Supplemental coverage decisions among near Medicare eligible adults with chronic disease

Tuesday, June 14, 2016: 10:35 AM
Colloquium Room (Huntsman Hall)

Author(s): Jerome A Dugan; Layla G Booshehri

Discussant: Eamon Molloy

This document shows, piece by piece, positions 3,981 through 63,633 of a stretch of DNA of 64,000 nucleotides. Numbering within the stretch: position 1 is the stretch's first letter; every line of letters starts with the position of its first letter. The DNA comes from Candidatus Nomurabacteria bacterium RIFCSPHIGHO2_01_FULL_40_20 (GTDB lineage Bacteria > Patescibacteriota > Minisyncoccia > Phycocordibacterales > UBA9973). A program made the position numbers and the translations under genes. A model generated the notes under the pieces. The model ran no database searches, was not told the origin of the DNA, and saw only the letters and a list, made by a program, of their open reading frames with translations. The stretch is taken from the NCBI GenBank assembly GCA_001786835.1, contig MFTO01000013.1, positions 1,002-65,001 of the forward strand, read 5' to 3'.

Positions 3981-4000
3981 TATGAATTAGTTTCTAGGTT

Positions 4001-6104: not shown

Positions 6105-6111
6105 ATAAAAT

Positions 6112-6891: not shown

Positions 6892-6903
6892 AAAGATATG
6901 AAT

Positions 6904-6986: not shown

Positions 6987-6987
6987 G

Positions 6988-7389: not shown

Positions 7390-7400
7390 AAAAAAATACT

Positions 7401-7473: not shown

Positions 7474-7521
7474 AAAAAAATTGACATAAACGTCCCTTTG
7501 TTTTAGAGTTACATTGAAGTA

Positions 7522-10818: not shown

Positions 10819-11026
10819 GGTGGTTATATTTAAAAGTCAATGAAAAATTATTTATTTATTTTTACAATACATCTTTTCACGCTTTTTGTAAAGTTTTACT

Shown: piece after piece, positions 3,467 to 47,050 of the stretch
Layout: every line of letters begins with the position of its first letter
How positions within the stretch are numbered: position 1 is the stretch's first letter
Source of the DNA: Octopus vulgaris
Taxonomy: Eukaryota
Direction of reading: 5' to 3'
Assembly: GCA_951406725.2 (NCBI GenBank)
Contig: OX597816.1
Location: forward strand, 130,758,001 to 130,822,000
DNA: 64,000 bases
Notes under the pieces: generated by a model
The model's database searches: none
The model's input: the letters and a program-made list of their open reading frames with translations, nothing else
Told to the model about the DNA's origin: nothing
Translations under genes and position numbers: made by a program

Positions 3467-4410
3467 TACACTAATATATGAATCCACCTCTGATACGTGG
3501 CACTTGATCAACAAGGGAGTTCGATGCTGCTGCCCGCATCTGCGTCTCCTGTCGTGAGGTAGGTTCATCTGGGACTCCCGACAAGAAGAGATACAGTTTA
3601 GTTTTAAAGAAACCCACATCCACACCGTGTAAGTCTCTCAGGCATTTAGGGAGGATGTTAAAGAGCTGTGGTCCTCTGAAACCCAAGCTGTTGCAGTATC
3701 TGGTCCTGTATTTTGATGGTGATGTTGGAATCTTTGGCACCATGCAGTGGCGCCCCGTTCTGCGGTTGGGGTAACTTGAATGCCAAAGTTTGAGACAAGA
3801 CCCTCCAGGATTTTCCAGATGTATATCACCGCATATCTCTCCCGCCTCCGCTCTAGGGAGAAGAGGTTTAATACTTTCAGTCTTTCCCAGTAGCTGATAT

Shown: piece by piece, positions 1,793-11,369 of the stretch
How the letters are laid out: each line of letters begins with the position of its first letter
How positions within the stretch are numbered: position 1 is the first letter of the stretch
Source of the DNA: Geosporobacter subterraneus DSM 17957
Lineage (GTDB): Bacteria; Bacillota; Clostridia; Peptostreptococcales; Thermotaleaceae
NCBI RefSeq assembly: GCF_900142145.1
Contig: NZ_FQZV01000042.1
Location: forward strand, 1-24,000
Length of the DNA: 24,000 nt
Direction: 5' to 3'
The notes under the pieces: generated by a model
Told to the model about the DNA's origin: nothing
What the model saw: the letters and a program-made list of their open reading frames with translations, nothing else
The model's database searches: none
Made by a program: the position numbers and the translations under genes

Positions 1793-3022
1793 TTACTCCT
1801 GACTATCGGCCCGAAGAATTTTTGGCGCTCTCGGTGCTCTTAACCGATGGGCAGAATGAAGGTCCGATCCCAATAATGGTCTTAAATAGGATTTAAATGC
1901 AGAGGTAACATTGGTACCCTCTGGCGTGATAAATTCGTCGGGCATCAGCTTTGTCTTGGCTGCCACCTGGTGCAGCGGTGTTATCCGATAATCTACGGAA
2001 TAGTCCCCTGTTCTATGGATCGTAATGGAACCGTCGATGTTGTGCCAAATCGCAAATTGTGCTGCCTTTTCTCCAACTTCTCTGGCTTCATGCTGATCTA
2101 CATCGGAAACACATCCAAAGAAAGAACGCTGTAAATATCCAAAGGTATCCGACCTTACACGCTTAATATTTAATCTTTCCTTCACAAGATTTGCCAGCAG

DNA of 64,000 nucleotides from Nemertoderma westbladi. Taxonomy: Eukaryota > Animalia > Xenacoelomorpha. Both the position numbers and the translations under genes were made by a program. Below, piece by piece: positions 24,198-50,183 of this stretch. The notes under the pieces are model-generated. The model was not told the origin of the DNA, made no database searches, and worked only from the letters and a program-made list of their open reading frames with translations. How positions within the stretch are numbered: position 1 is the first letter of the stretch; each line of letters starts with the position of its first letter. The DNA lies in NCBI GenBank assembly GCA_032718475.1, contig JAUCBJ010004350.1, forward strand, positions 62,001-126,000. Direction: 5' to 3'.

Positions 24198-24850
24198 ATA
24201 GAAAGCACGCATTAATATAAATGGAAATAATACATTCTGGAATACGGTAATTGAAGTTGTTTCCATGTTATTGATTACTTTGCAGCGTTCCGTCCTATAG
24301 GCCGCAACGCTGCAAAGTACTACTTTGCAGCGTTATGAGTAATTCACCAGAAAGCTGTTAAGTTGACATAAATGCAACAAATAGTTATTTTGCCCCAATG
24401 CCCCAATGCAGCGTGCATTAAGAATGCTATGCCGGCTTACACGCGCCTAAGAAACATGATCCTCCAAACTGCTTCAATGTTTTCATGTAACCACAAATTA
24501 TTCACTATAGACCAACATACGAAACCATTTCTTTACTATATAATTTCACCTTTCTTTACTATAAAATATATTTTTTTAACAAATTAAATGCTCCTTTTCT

This study investigates the impact of inadequate health insurance coverage (underinsurance) on individual health outcomes. Because a respondent’s health status can influence their decision to obtain health insurance, negative binomial regression discontinuity analysis that exploits public pension eligibility and Medicare eligibility thresholds will be utilized. The primary outcome variables are physician visits and the cost of the associated visit. We focus on four measures: the number of routine hospital visits, the number of emergency room visits, the cost of the respondent’s routine hospital visits, and the cost of the respondent’s emergency room visits. Individual controls, such age, gender, race/ethnicity, educational attainment, household income, geographic region, and survey year, will control for socioeconomic differences between respondents. Our primary study population consists of respondents who have been diagnosed with coronary heart disease and stroke (CHDS) aged 60 to 70. Patients with CHDS are an excellent study population because they require continuous monitoring, expensive equipment, and specialist care. Initial findings suggest that upon reaching the Medicare eligibility threshold, those individuals with some form of supplemental coverage have lower healthcare expenditures and utilization than individuals without supplemental coverage. Substantial disparities exists across racial and income groups. Dual eligible (recipients of both Medicaid and Medicare) were found to have lower cost and increasing use of routine care as compared to low income populations with Medicare only.